Newswise — Blocking FGL2, a protein known to promote cancer, may offer a new strategy for treating brain cancer, according to a study at The University of Texas MD Anderson Cancer Center.
FGL2 (fibrinogen-like protein 2) is commonly expressed in brain cancer tumors and promotes cancer development through suppressing the immune system in several ways, say scientists who demonstrated that it achieves this through manipulation of the proteins, PD1 and CD39.
“It is well known that cancer evades immune surveillance by exploiting a series of editing mechanisms to avoid immune detection and eradication,” said Shulin Li, Ph.D., professor of Pediatrics. “One such mechanism is to hijack an immune cell’s checkpoints, subverting the immune system and allowing tumor growth.”
FGL2 modulates the immune system’s “brakes” called checkpoints, as well as immune suppressive cells that stop the immune system’s natural attack on cancer cells. Li and fellow co-investigator, Amy Heimberger, M.D., professor of Neurosurgery found that FGL2 acted as a key “switch” to prevent tumors from being detected by the immune system.
The team’s results were published in the May 13, 2015 issue of the Journal of the National Cancer Institute.
The study, using mouse models, data from The Cancer Genome Atlas (TCGA) and human tumor samples, found that FGL2 increased tumor growth in mice by enhancing immune checkpoint gene expression. The research team neutralized the protein by using an anti-FGL2 antibody.
“The average survival time in mice treated with the antibody was significantly longer than those receiving an alternative control antibody,” said Heimberger. “Interestingly, four of 17 mice treated with FGL2 antibody were completely tumor free.”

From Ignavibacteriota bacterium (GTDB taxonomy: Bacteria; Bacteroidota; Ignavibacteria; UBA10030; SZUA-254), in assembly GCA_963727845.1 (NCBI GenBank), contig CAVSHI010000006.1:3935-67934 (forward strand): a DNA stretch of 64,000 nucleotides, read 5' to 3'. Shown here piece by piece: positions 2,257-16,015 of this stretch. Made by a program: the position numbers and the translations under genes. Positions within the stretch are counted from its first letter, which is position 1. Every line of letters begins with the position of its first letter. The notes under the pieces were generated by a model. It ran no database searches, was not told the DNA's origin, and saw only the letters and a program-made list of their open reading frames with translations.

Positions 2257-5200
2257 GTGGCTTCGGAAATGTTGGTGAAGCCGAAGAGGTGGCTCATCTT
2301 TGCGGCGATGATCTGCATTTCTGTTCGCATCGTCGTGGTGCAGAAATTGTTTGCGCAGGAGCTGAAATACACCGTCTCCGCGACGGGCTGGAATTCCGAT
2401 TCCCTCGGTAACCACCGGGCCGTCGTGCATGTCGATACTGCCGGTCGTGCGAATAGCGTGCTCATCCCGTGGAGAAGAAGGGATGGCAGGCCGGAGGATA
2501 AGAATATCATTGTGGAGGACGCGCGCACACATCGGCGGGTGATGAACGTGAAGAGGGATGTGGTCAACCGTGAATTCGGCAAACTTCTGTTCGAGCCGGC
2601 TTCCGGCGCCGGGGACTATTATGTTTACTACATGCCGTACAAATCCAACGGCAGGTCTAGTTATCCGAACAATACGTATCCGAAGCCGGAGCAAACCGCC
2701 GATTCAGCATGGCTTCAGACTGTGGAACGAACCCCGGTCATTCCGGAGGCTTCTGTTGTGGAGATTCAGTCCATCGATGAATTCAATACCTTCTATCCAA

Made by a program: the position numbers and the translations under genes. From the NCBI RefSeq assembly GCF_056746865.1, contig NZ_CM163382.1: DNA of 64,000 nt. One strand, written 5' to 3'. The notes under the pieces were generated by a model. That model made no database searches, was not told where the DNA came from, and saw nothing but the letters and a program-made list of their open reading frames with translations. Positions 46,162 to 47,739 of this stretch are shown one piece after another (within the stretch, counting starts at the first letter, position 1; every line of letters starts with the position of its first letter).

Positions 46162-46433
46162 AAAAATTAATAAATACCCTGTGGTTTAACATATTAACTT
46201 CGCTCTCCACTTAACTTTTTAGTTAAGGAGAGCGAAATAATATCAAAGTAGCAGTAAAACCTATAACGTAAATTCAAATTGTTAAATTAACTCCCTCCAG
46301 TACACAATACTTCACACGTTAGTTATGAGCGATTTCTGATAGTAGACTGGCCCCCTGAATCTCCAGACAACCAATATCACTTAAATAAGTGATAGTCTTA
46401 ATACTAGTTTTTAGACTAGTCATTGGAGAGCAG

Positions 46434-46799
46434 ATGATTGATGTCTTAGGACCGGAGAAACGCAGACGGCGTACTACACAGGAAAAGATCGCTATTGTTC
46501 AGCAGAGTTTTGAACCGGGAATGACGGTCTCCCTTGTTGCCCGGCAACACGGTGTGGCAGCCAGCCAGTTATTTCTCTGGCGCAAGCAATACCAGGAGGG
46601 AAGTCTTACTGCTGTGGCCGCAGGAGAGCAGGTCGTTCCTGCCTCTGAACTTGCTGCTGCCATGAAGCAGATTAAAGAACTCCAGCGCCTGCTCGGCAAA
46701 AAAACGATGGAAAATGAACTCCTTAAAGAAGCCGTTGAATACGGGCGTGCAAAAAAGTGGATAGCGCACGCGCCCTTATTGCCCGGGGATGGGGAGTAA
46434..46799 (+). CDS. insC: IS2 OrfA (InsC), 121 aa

Through TCGA data, the study team also found an association between levels of FGL2 expression and tumor aggressiveness. The results revealed that patients who had higher levels of FGL2 expression experienced a lower overall survival rate than patients with less FGL2 expression.
While the team reported on new understandings regarding FGL2’s role in immune suppression, there remains much still to be studied. These include a better understanding of the cellular signaling pathway, crucial to developing an effective anti-FGL2 therapy and learning exactly how the protein influences tumor progression.
MD Anderson study participants included Jun Yan, Ph.D., Jiemiao Hu, Ph.D., Denada Dibra, Ph.D., and Xueqing Xia, Ph.D., of Pediatrics; and Ling-Yuan Kong, Ph.D. and Konrad Gabrusiewicz, Ph.D., of Neurosurgery.
The study was funded by the National Institutes of Health (CA120895, CA1208113, P50 CA127001 and CA16672), and MD Anderson’s Multidisciplinary Research Program.